No relationship is perfect; even the most solid of soulmates spar from time to time. But arguments don’t have to end in tears, silent treatment, or slammed doors. In fact, chances are that an everyday altercation could actually be channeled into something productive.
We asked three couples counselors from our network to share what tips they follow to keep their own relationships running smoothly when the going gets tough. Below are their tips for fighting with your significant other in a way that fosters communication, compromise, and respect.
1. Avoid saying “always” and “never”
You might have heard this advice before, but couples counselors agree that it really is a golden rule. The trouble with using blanket terms like “always” and “never” when you’re arguing with a partner is that doing so put unnecessary limitations on your conversation, and even on your relationship.
“Absolutes leave us stuck,” says Dr. Tara Dewitt, a Clinical Psychologist in NYC who works with couples. “When we use ‘never’ or ‘always,’ the other person naturally wants to defend that this is not the case. It leaves us wrestling with each other, rather than addressing the larger concern.”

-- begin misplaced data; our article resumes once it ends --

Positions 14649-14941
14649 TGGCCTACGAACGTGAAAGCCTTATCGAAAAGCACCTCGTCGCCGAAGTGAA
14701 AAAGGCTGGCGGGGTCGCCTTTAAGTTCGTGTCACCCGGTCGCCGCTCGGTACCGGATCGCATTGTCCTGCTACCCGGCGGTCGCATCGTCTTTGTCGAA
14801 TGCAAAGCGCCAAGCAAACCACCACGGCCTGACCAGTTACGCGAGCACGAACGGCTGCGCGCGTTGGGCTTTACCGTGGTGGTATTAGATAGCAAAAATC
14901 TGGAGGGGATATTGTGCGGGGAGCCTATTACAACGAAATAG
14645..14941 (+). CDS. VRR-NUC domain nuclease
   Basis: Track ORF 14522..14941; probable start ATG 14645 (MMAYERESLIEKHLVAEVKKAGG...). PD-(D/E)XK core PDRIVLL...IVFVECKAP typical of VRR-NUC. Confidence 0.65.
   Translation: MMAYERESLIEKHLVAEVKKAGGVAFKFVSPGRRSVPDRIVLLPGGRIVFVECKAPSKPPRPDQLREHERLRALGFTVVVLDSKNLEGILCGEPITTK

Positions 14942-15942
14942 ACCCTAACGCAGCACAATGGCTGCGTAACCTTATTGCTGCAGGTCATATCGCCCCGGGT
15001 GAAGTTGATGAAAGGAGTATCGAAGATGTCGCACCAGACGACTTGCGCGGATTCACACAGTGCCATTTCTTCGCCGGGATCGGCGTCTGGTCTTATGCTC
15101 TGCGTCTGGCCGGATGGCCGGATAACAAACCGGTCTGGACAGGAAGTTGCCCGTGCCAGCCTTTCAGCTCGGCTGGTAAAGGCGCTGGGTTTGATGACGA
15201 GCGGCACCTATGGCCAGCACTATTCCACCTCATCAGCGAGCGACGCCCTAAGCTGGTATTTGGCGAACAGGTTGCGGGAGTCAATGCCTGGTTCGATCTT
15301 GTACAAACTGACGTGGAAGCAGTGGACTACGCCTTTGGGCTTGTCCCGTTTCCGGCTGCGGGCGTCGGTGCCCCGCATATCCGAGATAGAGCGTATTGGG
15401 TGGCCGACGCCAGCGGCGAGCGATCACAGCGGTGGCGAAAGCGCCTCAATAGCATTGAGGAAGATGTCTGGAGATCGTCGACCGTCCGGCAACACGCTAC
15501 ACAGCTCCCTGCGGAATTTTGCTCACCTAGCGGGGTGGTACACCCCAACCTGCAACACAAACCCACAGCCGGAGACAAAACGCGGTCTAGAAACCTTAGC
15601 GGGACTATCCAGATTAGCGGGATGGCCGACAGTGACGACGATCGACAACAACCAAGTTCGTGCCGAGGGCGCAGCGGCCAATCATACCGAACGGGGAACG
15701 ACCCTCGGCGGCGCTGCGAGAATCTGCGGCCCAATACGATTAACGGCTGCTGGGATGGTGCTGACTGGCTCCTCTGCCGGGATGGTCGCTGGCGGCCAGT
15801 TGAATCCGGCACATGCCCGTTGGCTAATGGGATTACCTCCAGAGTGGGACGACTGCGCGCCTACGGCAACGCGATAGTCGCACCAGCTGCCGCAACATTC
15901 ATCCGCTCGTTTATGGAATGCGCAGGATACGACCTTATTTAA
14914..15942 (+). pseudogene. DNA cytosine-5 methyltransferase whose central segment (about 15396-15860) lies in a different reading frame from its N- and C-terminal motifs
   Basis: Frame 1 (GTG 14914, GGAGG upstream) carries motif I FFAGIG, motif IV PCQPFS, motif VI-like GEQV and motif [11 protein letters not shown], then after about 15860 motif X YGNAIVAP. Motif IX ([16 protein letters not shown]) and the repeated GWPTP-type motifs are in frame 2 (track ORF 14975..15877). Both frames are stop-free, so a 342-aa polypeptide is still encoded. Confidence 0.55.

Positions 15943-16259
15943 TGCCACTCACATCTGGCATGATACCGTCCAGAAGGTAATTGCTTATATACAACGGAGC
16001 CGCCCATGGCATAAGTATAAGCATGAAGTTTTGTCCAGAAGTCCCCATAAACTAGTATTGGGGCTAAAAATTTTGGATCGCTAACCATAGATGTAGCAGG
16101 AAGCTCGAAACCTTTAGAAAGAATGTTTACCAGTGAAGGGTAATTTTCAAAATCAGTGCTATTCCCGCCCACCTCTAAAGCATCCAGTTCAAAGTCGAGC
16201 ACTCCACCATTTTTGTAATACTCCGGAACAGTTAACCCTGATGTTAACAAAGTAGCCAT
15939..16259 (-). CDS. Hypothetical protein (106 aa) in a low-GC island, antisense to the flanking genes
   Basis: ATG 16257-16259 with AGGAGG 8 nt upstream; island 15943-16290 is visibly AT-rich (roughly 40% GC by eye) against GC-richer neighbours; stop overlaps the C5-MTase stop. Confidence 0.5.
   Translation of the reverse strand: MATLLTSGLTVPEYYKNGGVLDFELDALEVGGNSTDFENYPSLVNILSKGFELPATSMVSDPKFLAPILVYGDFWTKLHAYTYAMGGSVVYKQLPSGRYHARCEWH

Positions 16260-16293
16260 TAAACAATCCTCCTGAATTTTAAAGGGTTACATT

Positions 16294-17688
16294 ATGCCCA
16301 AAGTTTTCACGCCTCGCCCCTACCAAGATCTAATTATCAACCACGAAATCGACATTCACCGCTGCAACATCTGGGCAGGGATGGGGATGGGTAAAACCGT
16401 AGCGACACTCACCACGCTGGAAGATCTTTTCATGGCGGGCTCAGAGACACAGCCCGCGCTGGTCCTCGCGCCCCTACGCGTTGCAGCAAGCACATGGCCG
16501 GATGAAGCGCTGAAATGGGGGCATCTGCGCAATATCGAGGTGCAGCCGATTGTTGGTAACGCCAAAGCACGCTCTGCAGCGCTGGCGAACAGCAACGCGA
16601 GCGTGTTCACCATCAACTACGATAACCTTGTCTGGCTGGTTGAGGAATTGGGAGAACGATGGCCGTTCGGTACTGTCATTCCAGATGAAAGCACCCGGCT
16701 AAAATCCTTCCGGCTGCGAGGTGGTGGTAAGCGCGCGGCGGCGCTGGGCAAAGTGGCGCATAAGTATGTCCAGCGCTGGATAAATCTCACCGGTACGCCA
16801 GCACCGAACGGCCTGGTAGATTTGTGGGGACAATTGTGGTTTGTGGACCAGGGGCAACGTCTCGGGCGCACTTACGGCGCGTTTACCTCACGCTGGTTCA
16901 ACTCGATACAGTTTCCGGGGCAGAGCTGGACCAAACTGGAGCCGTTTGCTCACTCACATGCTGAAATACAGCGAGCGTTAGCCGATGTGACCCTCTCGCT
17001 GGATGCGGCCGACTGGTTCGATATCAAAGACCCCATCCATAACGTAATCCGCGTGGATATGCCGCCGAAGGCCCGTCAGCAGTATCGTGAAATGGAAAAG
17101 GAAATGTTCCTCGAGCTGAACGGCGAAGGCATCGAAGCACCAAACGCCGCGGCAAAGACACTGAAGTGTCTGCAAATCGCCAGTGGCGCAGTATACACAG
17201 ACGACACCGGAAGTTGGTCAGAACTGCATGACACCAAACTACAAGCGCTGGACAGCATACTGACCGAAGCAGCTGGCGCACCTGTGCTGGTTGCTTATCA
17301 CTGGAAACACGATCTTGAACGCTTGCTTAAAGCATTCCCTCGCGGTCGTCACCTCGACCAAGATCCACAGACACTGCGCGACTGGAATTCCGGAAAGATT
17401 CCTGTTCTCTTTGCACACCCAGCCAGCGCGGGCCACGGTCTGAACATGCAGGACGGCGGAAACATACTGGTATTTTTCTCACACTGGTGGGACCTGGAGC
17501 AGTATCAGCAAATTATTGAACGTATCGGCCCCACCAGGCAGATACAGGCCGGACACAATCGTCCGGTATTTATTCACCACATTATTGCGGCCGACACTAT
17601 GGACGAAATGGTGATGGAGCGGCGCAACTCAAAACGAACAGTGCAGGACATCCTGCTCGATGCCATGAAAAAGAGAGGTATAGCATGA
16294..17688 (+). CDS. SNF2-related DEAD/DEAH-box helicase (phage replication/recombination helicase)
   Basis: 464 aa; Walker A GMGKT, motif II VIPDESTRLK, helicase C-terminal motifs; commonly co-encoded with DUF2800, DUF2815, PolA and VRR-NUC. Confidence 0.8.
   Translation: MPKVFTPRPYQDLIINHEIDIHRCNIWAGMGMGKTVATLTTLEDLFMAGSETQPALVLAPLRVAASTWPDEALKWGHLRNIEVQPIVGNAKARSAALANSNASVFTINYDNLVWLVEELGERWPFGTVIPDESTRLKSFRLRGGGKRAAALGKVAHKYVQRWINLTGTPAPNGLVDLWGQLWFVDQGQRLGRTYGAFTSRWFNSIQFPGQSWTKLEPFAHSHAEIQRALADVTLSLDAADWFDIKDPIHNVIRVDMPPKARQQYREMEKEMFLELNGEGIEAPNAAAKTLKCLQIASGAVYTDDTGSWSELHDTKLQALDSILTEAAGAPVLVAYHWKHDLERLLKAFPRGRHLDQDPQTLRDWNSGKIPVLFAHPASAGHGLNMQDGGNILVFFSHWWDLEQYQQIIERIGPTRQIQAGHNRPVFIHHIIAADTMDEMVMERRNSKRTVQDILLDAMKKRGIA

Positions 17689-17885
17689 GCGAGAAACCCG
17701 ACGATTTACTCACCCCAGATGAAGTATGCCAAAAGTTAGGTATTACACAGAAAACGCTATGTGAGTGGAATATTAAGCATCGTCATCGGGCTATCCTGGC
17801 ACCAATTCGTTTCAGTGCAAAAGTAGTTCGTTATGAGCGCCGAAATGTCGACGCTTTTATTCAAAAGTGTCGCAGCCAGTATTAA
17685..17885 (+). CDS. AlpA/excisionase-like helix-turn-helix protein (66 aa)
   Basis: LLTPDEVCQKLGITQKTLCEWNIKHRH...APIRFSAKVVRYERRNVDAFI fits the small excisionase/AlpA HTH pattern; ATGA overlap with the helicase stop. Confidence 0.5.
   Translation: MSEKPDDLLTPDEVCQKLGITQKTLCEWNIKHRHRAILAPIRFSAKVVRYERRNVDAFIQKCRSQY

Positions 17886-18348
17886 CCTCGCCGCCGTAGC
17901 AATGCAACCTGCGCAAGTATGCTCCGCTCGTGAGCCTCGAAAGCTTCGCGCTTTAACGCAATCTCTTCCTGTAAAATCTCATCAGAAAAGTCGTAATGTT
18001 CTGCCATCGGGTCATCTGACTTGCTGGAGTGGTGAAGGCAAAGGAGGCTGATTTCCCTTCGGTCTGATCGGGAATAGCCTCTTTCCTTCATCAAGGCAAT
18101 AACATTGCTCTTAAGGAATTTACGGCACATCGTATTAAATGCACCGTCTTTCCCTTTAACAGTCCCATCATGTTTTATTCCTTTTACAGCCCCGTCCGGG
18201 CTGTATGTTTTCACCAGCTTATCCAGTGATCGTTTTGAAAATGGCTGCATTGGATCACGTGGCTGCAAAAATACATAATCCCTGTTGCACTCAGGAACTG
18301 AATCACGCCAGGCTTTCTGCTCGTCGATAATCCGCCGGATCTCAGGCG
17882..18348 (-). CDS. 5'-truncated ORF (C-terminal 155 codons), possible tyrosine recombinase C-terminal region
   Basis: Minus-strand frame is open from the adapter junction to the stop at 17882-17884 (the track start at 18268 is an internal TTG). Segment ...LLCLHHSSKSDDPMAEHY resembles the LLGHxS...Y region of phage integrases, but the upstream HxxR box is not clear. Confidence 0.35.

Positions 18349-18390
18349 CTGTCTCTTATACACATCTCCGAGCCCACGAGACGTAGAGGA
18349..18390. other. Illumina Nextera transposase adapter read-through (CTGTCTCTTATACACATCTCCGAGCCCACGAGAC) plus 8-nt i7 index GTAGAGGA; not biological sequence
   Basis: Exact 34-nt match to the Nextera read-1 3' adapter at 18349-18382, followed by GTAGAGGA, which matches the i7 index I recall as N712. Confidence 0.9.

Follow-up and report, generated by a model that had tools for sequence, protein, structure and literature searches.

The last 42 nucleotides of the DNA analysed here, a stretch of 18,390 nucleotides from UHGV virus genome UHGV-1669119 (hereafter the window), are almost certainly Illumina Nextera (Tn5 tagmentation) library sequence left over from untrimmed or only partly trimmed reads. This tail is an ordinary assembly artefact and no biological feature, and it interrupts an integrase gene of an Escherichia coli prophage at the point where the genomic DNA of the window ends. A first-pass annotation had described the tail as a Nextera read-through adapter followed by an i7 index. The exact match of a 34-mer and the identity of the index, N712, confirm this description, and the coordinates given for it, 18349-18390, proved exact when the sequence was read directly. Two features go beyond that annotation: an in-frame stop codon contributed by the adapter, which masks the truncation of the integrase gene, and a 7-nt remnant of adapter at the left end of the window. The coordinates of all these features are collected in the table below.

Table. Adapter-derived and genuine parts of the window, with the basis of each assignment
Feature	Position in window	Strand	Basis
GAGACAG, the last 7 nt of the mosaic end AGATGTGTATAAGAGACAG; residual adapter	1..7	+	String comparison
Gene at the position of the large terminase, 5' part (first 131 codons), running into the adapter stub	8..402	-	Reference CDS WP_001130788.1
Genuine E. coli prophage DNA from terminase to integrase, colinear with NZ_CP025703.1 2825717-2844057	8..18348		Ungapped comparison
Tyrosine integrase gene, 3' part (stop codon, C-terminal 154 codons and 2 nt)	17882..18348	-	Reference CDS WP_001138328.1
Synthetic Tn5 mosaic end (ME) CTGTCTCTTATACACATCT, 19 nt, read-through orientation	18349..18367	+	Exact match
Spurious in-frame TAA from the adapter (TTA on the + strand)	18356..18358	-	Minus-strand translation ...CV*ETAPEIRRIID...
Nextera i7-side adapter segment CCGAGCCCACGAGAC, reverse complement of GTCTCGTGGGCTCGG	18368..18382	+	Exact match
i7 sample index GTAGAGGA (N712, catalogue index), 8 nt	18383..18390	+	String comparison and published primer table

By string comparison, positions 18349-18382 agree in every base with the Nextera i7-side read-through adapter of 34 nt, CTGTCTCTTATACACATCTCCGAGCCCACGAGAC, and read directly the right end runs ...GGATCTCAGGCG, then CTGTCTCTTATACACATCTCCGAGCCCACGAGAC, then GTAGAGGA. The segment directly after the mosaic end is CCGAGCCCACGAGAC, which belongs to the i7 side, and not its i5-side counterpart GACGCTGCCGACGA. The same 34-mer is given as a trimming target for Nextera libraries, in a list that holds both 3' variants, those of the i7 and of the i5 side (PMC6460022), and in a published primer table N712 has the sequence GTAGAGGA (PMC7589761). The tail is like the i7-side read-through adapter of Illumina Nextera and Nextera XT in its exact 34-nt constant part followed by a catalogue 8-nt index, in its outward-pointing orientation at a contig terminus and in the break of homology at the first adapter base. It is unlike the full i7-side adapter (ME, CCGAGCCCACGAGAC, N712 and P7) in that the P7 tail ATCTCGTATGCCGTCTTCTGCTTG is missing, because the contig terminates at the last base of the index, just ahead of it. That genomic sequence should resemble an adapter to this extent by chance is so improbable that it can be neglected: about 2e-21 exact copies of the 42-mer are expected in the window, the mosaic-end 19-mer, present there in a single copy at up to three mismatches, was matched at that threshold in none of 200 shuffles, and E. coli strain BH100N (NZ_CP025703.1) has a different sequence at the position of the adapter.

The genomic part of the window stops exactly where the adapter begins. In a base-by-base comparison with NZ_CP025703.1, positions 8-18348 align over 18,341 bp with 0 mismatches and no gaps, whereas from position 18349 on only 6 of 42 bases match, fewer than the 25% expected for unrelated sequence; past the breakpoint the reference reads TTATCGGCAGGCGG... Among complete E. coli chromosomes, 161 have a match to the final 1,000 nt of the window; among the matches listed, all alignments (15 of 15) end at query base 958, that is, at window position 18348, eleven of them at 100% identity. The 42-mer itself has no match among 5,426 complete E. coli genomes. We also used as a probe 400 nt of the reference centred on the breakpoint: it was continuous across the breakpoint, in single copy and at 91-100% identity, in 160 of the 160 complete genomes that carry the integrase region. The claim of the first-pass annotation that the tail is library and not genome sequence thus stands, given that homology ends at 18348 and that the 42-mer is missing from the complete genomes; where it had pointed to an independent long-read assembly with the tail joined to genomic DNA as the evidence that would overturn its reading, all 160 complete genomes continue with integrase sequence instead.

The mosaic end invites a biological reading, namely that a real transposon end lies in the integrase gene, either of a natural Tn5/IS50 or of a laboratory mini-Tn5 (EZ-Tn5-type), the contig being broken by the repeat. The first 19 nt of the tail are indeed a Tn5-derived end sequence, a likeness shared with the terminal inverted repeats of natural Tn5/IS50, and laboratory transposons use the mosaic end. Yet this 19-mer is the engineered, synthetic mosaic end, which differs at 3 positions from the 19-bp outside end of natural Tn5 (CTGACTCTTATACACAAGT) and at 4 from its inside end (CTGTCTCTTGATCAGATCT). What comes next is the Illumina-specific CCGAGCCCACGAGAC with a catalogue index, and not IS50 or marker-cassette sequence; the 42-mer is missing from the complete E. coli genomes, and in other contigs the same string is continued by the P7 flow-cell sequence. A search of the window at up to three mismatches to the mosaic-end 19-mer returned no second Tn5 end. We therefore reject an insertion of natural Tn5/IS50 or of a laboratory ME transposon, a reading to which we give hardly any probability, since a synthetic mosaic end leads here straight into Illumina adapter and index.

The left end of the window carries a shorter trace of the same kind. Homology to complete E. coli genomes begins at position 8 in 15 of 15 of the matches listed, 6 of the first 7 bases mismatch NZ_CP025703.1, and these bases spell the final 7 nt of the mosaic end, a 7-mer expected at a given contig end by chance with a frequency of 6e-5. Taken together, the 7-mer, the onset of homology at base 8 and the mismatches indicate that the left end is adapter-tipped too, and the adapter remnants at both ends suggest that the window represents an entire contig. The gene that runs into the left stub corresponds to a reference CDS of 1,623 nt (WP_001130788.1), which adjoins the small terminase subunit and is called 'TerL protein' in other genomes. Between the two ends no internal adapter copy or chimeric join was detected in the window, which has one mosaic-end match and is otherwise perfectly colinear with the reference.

Not to mention, “never” and “always” statements are rarely literally true. Consider the following examples:
- “You never ask how my day went!” (Not even once in a while?)
- “I’m always the one who takes the trash out!” (Your partner has never taken it out?)
- “I never feel comfortable around your family!” (There hasn’t been even one time when you did feel comfortable?)
What’s worse, by exaggerating the reality of what you’re experiencing in your relationship, you close off discussions of what really is happening. In every one of the above examples, there’s likely a legitimate concern beneath the surface. But using words like “always” or “never” makes it harder to figure out what those concerns are, and how you can work together to address them.
Consider how different these statements look with less definite language:
- “It feels to me like you’re not interested in how my days are going.”
- “I’ve noticed that I tend to take the trash out more often than you do.”
- “I’m wondering if we can talk about ways that we could make spending time with your family more comfortable for me.”